Streaming virtual reality games. Driverless cars. Super-fast downloads of movies. And billions of devices talking to each other. This is the promise of the next-generation mobile internet known as 5G.
The race to roll out 5G is on and the U.S., China and other parts of Asia appear to be taking the lead, while Europe is lagging behind.
Fragmentation in rules across the European Union's (EU) 28 member states, a lack of investment from mobile networks stemming from weak business, and continuing debate over the allocation of radio waves known as spectrum, are the key reasons for the region falling behind.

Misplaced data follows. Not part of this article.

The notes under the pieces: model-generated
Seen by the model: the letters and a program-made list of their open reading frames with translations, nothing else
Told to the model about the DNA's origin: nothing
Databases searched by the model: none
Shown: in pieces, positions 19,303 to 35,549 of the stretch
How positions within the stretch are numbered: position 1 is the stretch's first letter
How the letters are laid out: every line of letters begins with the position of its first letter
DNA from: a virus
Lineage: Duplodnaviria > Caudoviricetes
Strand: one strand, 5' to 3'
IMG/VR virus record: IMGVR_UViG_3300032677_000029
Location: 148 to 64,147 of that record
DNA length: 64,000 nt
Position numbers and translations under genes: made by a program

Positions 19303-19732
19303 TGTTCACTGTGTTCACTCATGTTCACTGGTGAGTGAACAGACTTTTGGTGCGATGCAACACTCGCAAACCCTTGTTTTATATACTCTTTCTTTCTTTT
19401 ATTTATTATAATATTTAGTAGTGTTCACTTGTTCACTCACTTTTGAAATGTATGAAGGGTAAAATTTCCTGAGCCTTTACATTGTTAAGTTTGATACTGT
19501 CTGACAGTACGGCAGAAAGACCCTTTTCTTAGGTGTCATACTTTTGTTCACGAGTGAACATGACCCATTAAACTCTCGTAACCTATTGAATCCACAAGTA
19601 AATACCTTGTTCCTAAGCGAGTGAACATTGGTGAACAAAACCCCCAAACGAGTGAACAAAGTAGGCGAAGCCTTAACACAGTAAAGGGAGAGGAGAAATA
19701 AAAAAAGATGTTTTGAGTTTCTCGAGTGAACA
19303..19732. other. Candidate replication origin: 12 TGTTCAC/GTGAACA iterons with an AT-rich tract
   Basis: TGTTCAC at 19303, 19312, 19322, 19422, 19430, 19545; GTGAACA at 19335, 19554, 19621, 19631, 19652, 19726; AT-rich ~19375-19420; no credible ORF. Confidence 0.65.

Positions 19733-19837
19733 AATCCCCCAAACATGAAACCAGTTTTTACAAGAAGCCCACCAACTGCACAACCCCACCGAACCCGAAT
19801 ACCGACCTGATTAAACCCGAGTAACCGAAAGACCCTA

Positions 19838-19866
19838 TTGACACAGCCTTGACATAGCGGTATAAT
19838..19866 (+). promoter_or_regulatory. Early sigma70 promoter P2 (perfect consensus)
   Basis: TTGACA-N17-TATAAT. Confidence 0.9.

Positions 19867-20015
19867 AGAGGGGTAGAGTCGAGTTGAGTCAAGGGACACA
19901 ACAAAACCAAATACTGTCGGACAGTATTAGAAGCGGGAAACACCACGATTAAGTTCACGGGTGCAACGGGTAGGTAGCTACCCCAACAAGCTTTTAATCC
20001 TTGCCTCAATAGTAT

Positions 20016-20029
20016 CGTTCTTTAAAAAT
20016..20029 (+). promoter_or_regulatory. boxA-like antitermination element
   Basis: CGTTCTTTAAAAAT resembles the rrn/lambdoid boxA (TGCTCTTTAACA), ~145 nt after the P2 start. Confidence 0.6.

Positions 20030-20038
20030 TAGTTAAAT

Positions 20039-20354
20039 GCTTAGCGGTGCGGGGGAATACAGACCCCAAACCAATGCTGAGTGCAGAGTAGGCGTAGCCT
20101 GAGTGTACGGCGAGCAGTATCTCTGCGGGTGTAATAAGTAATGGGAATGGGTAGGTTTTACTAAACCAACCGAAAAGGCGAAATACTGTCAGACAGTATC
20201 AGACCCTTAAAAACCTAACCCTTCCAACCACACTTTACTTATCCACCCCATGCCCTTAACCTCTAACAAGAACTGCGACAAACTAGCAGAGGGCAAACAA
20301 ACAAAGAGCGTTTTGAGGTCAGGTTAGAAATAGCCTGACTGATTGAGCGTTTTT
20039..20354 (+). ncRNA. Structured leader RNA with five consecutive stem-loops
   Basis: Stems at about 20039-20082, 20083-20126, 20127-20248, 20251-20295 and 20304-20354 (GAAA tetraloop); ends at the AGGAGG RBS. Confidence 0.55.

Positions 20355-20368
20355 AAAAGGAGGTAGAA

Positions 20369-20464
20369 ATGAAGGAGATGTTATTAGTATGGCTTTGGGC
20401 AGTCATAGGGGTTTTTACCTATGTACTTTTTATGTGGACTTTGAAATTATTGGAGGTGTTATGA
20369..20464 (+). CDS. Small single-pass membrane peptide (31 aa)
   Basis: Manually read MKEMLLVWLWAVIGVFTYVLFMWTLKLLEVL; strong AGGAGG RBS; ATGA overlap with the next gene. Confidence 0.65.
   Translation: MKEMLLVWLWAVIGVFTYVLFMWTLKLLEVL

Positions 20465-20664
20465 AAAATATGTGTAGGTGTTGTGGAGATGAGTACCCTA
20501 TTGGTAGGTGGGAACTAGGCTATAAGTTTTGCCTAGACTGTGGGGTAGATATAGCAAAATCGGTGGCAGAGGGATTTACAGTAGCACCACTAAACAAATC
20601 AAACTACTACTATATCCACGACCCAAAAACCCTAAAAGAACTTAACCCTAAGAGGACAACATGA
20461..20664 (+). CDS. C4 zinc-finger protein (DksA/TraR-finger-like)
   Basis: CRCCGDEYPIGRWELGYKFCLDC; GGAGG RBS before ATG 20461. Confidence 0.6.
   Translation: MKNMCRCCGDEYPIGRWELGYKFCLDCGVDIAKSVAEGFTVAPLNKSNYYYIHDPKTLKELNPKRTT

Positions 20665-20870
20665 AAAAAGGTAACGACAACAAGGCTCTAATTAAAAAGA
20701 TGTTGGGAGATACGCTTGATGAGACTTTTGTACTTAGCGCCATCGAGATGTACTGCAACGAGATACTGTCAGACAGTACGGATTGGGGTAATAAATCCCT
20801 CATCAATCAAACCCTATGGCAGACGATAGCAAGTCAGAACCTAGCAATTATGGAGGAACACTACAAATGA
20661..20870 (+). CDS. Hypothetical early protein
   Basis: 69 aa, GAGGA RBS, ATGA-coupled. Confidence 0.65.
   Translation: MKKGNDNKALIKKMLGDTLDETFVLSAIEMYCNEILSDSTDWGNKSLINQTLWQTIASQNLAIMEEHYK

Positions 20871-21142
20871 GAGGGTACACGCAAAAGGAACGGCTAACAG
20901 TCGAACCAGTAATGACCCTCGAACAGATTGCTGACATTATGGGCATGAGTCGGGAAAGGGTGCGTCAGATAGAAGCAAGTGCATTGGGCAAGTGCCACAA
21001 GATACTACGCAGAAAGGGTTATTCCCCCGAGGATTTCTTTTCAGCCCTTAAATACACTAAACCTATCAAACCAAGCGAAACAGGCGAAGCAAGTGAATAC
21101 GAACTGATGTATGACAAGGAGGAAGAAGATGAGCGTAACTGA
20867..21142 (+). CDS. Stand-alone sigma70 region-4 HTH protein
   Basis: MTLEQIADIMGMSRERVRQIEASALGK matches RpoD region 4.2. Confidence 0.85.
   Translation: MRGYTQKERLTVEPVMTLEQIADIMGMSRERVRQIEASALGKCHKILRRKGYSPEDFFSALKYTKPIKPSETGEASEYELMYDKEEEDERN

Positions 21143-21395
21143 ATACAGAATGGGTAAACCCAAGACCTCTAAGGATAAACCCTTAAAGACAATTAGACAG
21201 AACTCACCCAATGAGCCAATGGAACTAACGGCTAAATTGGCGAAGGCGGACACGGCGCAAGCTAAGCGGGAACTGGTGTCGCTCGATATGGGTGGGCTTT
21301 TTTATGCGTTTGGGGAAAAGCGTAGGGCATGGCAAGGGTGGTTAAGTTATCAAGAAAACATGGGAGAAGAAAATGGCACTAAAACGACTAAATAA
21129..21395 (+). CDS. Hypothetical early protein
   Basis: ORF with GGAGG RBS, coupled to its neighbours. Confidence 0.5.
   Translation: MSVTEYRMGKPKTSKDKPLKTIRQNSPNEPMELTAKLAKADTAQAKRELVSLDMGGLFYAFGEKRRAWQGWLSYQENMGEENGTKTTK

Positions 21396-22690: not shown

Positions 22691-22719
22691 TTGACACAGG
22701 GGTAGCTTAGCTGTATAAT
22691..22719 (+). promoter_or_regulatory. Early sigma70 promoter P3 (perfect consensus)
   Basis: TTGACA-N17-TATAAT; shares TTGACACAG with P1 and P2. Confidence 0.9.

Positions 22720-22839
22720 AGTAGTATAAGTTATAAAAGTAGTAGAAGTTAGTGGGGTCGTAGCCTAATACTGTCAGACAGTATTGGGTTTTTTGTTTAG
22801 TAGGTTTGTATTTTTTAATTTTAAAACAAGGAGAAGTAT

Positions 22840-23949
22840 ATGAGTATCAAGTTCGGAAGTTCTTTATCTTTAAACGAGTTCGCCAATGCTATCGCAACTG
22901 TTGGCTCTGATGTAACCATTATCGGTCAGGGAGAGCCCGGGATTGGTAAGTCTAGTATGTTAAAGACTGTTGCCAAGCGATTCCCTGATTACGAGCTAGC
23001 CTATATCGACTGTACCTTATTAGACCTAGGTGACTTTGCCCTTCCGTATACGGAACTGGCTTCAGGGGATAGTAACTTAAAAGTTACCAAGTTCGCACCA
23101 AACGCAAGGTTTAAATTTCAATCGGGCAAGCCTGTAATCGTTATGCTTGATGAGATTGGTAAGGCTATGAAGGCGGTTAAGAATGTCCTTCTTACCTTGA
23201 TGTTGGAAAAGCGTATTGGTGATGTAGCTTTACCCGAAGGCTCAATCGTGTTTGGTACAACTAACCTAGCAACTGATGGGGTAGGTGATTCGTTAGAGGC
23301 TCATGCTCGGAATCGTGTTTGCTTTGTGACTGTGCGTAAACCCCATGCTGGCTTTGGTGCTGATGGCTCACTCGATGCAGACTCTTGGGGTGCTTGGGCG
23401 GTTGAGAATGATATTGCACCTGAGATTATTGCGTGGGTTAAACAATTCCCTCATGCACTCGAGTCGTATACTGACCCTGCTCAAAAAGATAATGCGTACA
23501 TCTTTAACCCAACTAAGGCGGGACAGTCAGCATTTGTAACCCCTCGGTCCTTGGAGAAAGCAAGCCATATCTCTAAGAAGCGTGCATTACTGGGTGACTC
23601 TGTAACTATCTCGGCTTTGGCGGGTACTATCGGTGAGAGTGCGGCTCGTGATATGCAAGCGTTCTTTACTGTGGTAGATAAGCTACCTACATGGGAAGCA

"Europe is significantly lagging China and North America when it comes to 5G commitments and deployment," Ben Wood, chief of research at CCS Insight, told CNBC in a recent interview.
"In the U.S., we've got intense competitive rivalry between the leading players which is accelerating investment in 5G, and in China there is absolutely no question that they see an opportunity to innovate their own 5G, which would be the first generation of technology where they could really be the undisputed leader."